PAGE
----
One of our awesome math teachers was able to sweet talk Pizza Hut into donating 400 pizza boxes for our solar ovens! Thank you Pizza Hut! A local restaurant donated a huge roll of tin foil. We will have students put these together first thing so they can be put outside to cook their hot dogs.

Other activities include a human sundial using sidewalk chalk, art with sun art paper, making bracelets out of UV beads, and constructing paper pinwheels.

We will also have solar experiments set up so they can collect temperature data. We will take data from things like a solar panel with a voltage meter, white/black paper, black and silver cans filled with  rocks, soil, water, and sand.



We will be using NASA's Globe Observer app to observe the clouds and temperature during the eclipse. This is part of NASA's citizen science project to record observations. The data collected by students will be used worldwide by scientists to study the effects of the eclipse. How cool!



NASA's website has an enormous amount of information, activities, guides, and lots more.



Make sure your glasses are NASA certified and get outside to view the Great American Total Solar Eclipse! Happy first day of school! Hope you have the best year ever!


Saturday, August 5, 2017

Sunday Funday Goals



This post is part of a weekly blogging challenge #SundayFunday hosted by Julie. She provides the topic, you provide the fun! Please join us!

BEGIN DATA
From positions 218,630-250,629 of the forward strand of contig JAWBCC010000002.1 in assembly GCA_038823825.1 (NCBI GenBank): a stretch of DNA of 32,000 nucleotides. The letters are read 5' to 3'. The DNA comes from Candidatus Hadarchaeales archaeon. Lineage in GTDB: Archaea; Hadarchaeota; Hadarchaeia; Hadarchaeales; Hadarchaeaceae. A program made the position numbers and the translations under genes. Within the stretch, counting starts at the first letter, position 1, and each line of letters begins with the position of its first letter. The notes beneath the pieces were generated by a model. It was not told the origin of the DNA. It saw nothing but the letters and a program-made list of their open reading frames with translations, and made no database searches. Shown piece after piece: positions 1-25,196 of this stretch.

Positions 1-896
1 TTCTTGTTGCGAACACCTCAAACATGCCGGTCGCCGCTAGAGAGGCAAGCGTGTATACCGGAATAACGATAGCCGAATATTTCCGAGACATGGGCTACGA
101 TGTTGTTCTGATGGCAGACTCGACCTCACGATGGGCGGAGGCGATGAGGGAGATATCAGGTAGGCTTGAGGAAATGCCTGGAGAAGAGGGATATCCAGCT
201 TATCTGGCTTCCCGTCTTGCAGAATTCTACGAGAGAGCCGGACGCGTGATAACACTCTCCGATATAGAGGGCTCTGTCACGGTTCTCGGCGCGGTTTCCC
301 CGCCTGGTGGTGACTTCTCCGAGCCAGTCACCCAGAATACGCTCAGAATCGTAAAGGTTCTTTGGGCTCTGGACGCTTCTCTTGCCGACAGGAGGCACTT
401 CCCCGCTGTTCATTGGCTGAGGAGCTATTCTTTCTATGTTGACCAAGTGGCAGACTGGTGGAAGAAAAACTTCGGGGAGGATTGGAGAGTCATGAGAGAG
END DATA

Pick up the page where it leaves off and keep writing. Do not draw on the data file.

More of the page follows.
This week's topic is goals. I love the summer! Not just for the sunshine but for the time to {stay} in the rabbit hole of Twitter, Instagram, and Pinterest! I can read books and peruse the internet at leisure or on the beach!



Building a community and student relationships in my classroom have always been my top priority along with engagement. The later is easier once students know they matter to you. I feel like I have student engagement down with flexible seating, interactive notebooks, crazy activities, and keeping up with all the things they are into. But with all of that, it is still about me. How I set up the lesson, activity, or notebook. How I want to assess them and what I want a finished product to look like. I knew there was more I could do to give my students a voice and I found it in this book. I want to EMPOWER my students! I want my students to be driven by a sense of purpose and meaning. To create curiosity so they want to learn.